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3 pages/≈825 words
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APA
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Social Sciences
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English (U.K.)
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Spatial Planning System: The Growth of Suburbia and Sustainable Development (Essay Sample)

Instructions:
Essay Title: Discuss the key issues relating to sustainability and sustainable development, explaining how spatial planning attempts to implement these policy goals. The essay should: - Demonstrate a critical understanding of sustainability and sustainable development and how the spatial planning system attempts to address these issues; - Demonstrate an in-depth level of understanding about particular spatial planning issues in the UK drawing on a range of appropriate academic and practice based literature. - Demonstrate high quality presentation skills and clarity of thought. REFERENCES and preferred sources (at least 7 out the 14): Baker, S, Kousis M, Richardson D, and Young S, (eds) 1997 The Politics of Sustainable Development, theory, policy and practice within the EU, Routledge, London Baker S., 2006, Sustainable Development, Routledge, London Bulkeley H & Betsill M, 2004, Cities and Climate Change, Routledge, Abingdon NEW INFORMATION FOR THE ORDER HERE: Please ignore this references: Baker, S. 2008. Sustainable Development. Routledge Wheeler, S. 2004. Planning for Sustainability. Creating livable, equitable and ecological communities. Routledge Wheeler, S. and Beatley, T. 2004. The Sustainable Urban Development Reader. Routledge do not include any quote under these authors, Wheeler, and Baker!!!!! Buckingham-Hatfield S, & Percy S, (eds) 1999, Constructing Local Environmental Agendas, Routledge, London Dixon T, Raco M, Catney P & Lerner D (eds), 2007, Sustainable Brownfield Regeneration, Blackwell Publishing Dobson A, 1997 (2nd ed) Green political Thought, Routledge, London Reid, D, 1995, Sustainable Development: An Introductory Guide, Earthscan, London Selman, P, 1999 (2nd ed.) Environmental Planning, Paul Chapman, London Rogers P, Jalal K & Boyd J, 2008, An Introduction to Sustainable Development, Earthscan, London Wheeler, M, 2004, Planning for Sustainability, Routledge, Abingdon source..
Content:

Spatial Planning System: The Growth of Suburbia and Sustainable Development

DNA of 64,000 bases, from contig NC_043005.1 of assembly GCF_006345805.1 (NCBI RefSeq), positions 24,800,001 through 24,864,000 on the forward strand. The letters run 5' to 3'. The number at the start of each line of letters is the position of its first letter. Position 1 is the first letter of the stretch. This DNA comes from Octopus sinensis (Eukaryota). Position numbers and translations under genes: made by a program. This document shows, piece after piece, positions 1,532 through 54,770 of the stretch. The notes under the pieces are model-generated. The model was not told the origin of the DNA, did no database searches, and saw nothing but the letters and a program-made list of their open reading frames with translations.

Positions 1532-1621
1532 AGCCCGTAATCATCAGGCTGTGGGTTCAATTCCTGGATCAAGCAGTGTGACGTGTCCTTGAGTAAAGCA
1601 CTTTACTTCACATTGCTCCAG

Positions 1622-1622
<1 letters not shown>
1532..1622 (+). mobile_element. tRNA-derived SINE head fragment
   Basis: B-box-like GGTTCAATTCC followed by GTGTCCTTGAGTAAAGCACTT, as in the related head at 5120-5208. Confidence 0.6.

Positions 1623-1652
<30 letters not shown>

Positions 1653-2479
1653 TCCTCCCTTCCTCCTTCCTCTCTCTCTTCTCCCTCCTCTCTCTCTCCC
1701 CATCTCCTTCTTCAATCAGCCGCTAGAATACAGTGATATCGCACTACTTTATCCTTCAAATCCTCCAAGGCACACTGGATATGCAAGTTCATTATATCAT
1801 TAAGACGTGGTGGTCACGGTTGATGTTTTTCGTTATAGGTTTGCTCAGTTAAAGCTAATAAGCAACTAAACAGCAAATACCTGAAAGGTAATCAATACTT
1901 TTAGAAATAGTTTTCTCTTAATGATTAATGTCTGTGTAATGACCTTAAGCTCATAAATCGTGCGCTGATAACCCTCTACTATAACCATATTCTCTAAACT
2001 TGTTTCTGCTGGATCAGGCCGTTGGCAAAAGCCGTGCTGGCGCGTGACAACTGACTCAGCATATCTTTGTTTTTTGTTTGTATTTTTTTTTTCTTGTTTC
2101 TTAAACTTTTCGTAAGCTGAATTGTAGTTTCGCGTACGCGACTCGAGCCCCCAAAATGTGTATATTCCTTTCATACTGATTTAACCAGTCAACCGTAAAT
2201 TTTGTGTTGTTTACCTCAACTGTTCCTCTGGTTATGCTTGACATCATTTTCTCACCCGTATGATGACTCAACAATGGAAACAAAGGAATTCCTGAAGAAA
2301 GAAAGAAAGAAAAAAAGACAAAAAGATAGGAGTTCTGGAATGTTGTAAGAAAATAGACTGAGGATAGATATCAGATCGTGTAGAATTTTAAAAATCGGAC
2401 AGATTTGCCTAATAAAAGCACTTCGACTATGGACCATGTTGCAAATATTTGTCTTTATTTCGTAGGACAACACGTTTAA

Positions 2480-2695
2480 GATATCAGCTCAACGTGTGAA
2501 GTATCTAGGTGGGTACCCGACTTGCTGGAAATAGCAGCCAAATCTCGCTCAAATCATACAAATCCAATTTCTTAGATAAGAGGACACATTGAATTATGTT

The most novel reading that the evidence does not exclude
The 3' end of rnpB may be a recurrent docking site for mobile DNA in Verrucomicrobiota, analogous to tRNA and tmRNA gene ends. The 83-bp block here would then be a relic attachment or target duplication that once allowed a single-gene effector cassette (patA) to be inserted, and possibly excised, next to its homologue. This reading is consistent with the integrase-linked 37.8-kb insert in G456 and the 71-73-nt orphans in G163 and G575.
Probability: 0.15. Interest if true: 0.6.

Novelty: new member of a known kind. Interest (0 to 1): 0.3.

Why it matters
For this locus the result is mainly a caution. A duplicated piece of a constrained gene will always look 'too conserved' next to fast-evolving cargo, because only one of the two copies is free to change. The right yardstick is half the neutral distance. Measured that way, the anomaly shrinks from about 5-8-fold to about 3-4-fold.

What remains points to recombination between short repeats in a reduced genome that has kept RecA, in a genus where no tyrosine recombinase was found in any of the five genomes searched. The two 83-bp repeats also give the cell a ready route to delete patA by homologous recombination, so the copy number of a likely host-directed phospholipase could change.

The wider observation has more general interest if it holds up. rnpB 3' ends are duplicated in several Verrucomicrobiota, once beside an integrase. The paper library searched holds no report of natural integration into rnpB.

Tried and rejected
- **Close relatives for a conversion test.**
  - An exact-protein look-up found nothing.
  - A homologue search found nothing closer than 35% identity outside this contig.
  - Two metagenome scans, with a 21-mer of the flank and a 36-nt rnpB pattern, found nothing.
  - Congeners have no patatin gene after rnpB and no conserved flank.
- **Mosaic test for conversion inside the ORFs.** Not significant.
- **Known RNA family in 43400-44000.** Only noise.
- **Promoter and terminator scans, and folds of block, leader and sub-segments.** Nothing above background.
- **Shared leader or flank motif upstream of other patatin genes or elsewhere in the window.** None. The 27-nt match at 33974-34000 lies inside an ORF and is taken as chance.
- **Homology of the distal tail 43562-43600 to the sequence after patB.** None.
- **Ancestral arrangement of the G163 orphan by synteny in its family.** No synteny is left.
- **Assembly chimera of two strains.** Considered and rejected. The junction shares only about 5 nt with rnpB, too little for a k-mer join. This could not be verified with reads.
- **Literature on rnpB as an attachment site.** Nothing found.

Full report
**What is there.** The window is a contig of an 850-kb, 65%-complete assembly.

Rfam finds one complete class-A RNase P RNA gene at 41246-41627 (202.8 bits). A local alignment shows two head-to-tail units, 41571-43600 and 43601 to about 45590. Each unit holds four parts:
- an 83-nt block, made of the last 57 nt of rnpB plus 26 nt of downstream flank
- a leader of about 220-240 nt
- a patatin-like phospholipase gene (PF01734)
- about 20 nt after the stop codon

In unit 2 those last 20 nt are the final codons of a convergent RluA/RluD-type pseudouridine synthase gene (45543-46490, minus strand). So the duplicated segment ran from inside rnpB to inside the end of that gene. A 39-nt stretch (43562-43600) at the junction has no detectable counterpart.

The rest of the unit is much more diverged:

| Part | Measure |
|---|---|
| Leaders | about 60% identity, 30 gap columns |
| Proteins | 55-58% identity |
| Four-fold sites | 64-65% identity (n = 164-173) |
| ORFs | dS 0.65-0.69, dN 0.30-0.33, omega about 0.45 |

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Spatial Planning System: The Growth of Suburbia and Sustainable Development
Introduction
One of the most alarming developments of the 21st century is the growth of the suburbia. High population increase is a major contributing factor for urban sprawl, which in turn contributes to the rapid depletion of the world’s resources due to its energy-intensive lifestyle. Suburbia is considered inappropriate in high-population countries because of its individualism and lack of community life. Within the suburbia system, people live further away from major towns, industrial centers and their places of work. As a result, suburbia systems depend on a vibrant infrastructure for people to commute daily to and fro work, as well as for the supply of social amenities and consumer goods. Similarly, the suburbia lifestyle uses more resources to serve less people, such as sewage, water and electricity infrastructure for single families, as compared to urban dwellings where compact residences share such facilities. With reference to suburban growth in the UK, this essay argues for the need to promote sustainable development in light of the government’s spatial planning system policies.
From minerals, land, natural gases to oil reserves and forests, human activities and increasing population continue to put pressure on these resources, most of which are nonrenewable. As Susan Hatfield and Susan Percy write in Constructing Local Environmental Agendas, “environments are becoming increasingly unsustainable - environmentally, socially and economically” (Hatfield & Percy, 1999, p. 1). The continued and uncontrolled use of natural resources will eventually lead to a resource crisis, such as the anticipated oil peak crisis. Land and energy are two of the resources of most concern in the UK: with a population of over 63 million people (2012 figures), the United Kingdom is one of the densely populated countries. Home to over 8 million residents, London is among the world’s most congested and expensive cities to live in. In 2006 it was ranked among the 10 most congested cities, the most expensive in the European Union and second in the world (Johnstone & Masters, 2006). High population increase is evident in other major cities like Bristol, Belfast, Liverpool, and Manchester.
Suburbia is a direct consequence of the 19th century industrial growth, which saw upper-class earners move to cleaner neighborhoods far away from industrial centers. Government investment in transport infrastructure enabled people to live away from their places of work, while accessing basic goods and services (Henderson, 2005). At the same time, the growth of the automobile industry gave rise to the personal car, which made it more convenient for workers to commute daily to work from far-flung residences. After the Second World War, the housing boom and the gro...
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